About 71 years after the United States dropped a nuclear bomb on Hiroshima, Japan, President Obama visited the site and placed a wreath before the cenotaph at the Hiroshima Peace Memorial Park. It is the first visit by a “sitting U.S. President.” Both Japanese Prime Minister Shinzo Abe and President Obama delivered speeches, and Obama spoke out against nuclear weapons.

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Japan: Fukushima Clean-Up May Take Up To 40 years, Plant's Operator Says

          

A TEPCO employee walks in front of the No. 1 reactor building.  REUTERS/Toru Hanai

cnn.com - by Yoko Wakatsuki and Elaine Yu - February 11, 2016

Cleaning up Japan's Fukushima Daiichi nuclear plant, which suffered catastrophic meltdowns after an earthquake and tsunami hit in 2011, may take up to 40 years.

The crippled nuclear reactor is now stable but the decommissioning process is making slow progress, says the plant's operator Tokyo Electric Power Co, better known as TEPCO. . . .

. . . The biggest obstacle to closing down the plant permanently is removing all the melted nuclear fuel debris from three reactors, Ono told reporters after a press tour of the plant this week.

But TEPCO says it is in the dark about the current state of the debris.

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Japanese Ebola test gives results in 11 minutes: researcher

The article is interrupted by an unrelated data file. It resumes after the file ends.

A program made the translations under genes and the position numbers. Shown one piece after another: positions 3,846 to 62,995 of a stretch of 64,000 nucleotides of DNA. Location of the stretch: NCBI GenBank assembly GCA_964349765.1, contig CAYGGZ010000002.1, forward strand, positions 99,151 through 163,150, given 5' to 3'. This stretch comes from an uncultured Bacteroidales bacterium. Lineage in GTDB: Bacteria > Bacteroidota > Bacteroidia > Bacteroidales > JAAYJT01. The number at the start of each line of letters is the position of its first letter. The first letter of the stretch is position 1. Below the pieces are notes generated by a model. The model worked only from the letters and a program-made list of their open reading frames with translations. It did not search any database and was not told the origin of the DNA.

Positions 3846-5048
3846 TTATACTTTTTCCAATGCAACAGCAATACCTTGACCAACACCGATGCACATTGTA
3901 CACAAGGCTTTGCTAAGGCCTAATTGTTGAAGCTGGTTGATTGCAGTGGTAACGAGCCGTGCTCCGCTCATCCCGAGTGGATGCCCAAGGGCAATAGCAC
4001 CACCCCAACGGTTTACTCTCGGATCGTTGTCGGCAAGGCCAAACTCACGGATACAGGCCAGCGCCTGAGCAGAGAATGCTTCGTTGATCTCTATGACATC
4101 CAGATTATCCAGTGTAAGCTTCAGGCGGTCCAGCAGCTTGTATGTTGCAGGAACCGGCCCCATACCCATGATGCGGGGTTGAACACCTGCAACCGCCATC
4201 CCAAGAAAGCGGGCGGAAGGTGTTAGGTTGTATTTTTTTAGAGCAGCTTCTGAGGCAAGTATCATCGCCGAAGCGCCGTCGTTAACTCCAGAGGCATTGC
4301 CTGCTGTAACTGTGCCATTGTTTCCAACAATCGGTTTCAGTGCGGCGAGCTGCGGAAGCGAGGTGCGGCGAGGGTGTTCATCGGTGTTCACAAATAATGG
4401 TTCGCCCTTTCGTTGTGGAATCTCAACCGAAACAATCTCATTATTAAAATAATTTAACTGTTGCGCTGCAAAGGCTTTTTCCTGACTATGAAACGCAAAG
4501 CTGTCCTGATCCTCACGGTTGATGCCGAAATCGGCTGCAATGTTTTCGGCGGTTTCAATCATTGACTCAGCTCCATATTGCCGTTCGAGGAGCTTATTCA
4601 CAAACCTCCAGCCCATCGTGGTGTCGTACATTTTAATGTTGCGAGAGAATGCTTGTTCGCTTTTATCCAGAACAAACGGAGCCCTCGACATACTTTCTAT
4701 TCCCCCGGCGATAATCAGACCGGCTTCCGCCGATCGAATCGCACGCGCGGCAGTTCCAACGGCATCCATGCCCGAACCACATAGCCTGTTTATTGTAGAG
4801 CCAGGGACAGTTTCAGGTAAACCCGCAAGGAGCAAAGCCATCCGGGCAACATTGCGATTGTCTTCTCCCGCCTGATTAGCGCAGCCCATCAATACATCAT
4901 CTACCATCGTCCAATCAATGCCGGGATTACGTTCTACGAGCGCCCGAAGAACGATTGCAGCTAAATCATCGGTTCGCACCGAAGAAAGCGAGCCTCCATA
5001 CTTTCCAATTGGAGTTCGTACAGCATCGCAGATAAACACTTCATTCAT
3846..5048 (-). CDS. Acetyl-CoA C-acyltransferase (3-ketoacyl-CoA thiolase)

AFP     April  9, 2015

Tokyo  A Japanese research team said on Thursday it had developed a field test for Ebola that gives results in just over 11 minutes -- down from the 90-minute test used now.

The breakthrough by Nagasaki University's Institute of Tropical Medicine will allow medics to move much more quickly in treating people with the haemorrhagic fever, Professor Jiro Yasuda told AFP.

"The result time was unexpectedly short," said Yasuda of the trial conducted in Guinea last month on 100 samples, of which 47 proved positive.

The Guinean government has now asked the institute and its collaboration partner Toshiba to supply equipment to roll out the test, he added.

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http://news.yahoo.com/japanese-ebola-test-gives-results-11-minutes-researcher-064839139.html

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Nearly All Fuel in Fukushima Reactor Has Melted, Says TEPCO

tepco.co.jp - AFP - yahoo.com
March 19, 2015

CLICK HERE - Reactor imaging technology for fuel debris detection by cosmic ray muon
(13 page .PDF report)
Measurement status report in Unit-1